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July 19, 2012 | SiStour has started!

We had planned to post an entry about the stretch from Moscow to Yekaterinburg, but events have developped quickly, and something much more important has happened today:

SiStour has officially started!

And more or less on schedule, too, which had been in grave doubt due to the many problems with the Editourmobil. The time constraints caused by those not only prevented another blog post (and photos in the last one), they also threw in doubt the timely start of SiStour itself – but after two (further) nights with very little sleep, we’ve started driving today!

This has only been possible because we had helpers, and for that help, big thanks are in order: First of all to Kay of Go to Brau Beviale fame, who endured countless hours of Felix and me discussing our project, working on it, assembling and dissassembling the bikes, and causing general chaos and mayhem in the Editourmobil. Thank you for your patience, Kay!

And then to Torsten and Michael, who constitute the second team for Go to Brau, whose help with the final ebike assembly in the wee hours of today’s morning was invaluable and greatly appreciated! Thank you two, too!

Michael arrived at Yekaterinburg airport this morning at three, and thus we delivered Kay to his hotel in Yekaterinburg yesterday evening, picked up Torsten there, and drove the Editourmobil – with a detour to the local, and huge, OBI – to the airport. There we checked in on a long-term-parking area, and went to bed at 12:30, only to get up two short hours later to meet Michael at the arrival gate.

Since Michael, due to jet lag, had no interest in sleep, and since we had lots and lots of work to do, we began the final assembly, and removed our stuff from the Editourmobil – first, onto the parking lot, then later, into the totally overloaded Burley trailer. Michael and Torsten had to leave at eight, and it took Felix and me forever to get all our stuff into the trailers. Loading and unloading them is comlicated due to modifications we made for the solar panels. And of course all the electric wiring has to be in place and stay there, too, even when fully loaded.

It was half past two when we were finally satisfied with our setup. Airport security had long noticed us and told everyone else about our goal, and so we were given a warm farewell and best wishes by the Yekaterin airport parking lot staff. The weather played its part, too: The past two days had seen big rainstorms, but this morning stayed dry and cool – perfect work conditions. And with us leaving the parking lot, the sun was leaving the clouds, and soon our panels were generating lots of energy!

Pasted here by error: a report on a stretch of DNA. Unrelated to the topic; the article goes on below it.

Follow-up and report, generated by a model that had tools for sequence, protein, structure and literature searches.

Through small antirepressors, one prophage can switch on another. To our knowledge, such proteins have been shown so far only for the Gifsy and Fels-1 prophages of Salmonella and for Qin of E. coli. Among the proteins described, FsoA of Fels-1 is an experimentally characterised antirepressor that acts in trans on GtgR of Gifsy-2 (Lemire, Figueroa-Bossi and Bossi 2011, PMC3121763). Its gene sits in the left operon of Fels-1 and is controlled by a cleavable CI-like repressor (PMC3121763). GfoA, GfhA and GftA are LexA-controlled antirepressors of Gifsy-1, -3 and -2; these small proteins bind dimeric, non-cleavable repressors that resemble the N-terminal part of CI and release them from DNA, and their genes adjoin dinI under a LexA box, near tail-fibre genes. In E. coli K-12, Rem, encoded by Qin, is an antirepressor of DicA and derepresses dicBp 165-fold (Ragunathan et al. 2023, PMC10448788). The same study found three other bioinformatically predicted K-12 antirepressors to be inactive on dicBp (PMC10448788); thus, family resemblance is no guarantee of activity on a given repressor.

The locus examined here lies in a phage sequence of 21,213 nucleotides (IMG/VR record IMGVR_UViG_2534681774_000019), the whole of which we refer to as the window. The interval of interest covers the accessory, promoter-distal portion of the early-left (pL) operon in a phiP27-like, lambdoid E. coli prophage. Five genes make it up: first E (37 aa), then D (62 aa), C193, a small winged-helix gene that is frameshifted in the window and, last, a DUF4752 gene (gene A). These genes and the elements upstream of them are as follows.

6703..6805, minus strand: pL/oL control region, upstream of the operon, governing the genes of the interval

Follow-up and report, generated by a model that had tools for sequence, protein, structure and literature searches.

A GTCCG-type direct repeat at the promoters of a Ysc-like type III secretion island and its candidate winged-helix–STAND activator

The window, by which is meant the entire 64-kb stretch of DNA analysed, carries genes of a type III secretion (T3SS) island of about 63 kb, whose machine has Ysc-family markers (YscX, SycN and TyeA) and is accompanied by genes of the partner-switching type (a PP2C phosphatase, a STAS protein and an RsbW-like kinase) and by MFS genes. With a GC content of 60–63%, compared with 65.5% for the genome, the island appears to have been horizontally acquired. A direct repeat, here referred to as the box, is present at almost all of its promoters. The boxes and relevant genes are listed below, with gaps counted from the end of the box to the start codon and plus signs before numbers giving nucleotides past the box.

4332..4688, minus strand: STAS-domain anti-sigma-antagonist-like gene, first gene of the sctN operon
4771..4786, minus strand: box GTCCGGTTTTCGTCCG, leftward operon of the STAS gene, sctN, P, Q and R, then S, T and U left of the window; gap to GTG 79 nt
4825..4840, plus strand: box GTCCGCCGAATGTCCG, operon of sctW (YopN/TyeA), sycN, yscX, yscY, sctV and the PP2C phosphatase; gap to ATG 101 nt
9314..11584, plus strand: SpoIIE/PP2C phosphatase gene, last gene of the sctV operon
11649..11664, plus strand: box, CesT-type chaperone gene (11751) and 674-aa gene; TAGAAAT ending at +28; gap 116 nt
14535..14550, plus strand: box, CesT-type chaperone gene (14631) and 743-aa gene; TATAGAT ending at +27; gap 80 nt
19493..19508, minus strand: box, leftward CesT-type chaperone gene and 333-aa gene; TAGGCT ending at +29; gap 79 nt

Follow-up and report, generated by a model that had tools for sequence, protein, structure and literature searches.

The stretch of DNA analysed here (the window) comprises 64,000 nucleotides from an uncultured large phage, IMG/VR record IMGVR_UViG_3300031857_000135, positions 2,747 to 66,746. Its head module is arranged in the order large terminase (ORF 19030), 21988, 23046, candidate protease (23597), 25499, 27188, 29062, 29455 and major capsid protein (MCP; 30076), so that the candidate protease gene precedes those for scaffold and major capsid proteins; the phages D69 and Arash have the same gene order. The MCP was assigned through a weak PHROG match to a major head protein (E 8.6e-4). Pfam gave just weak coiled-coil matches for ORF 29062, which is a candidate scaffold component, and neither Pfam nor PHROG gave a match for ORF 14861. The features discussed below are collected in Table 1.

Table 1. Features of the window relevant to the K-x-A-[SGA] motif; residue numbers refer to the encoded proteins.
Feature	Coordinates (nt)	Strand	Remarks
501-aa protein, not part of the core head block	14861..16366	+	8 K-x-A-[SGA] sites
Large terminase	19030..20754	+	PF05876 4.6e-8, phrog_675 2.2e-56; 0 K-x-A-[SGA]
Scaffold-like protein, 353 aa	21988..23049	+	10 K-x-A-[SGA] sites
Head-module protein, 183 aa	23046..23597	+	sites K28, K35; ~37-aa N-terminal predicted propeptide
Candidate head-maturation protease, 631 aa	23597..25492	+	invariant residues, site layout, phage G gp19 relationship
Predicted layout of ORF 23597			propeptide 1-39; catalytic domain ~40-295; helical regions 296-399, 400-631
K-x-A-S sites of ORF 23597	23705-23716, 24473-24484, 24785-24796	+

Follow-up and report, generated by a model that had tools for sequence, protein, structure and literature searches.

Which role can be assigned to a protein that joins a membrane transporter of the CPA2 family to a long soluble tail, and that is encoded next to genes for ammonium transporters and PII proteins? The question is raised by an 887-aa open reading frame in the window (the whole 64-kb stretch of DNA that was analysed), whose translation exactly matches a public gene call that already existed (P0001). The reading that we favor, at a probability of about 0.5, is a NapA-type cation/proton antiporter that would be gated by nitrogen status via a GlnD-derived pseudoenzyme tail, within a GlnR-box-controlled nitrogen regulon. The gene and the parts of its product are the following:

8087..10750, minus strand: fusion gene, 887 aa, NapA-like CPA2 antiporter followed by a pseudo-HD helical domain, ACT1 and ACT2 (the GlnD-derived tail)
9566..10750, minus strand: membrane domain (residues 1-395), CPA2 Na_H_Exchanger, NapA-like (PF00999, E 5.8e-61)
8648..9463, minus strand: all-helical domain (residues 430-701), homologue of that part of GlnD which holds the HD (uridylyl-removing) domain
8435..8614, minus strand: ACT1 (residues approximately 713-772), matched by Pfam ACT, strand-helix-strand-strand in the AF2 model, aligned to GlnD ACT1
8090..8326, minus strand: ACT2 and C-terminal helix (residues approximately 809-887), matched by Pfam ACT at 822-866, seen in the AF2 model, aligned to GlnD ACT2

We drove slowly at first, still a little unsure if our setup would really work, then progressively faster when all held up well, save for two or three stops to change and refasten some of the straps that had not been in optimal position yet. The roads were kind: Some very rough patches, but also some of the best roads we have seen in Russia, and many qualities in between – all in all, it could have been much worse.

The best thing, however, was the driving itself: What an awesome feeling to finally, after all these months of preparations, hit the road! And it’s hard to describe how elated we felt when our setup really worked just as we had imagined. Right until the end, we had been unsure if our overloaded, top-heavy trailer would really play well on real-life Russian roads – but it held up beautifully, and we became progressively more confident. The same goes for the electric setup: The panels really generated the amount of energy they ought to, Felix’s wiring seems to have losses that are even lower than we had factored in, and the trikes themselves and their ebike modifications worked beautifully. Just wonderful performance all around!

And some of the big problems we had feared have so far failed to materialize: The Russian drivers nearly without exception slow down, overtake with huge space, honk their horns to greet us and wink: They clearly are amazed and happy to see two people do an obviously big bike project, and don’t mind that we slow them down a little in the process. The mosquitoes seem to think of us as too fast as well – at least we certainly had much worse problems whenever we stopped the Editourmobil than we had today: not a single bite since Yekaterinburg!

At seven pm, after 110 km, we turned onto a farm road and set up our tent maybe 200 m from the main road. 110 km are, of course, not 200, and there still are lots of little things to do in the coming days – but as far as first days go, this one went way better than expected! It’s half past ten now, and we are both very tired, but happy, and look forward to the coming days!

PS. And it’s now possible to follow our route in real time here.

PPS. The real time tracker has been removed after it has fulfilled its purpose when the tour ended, as has that link.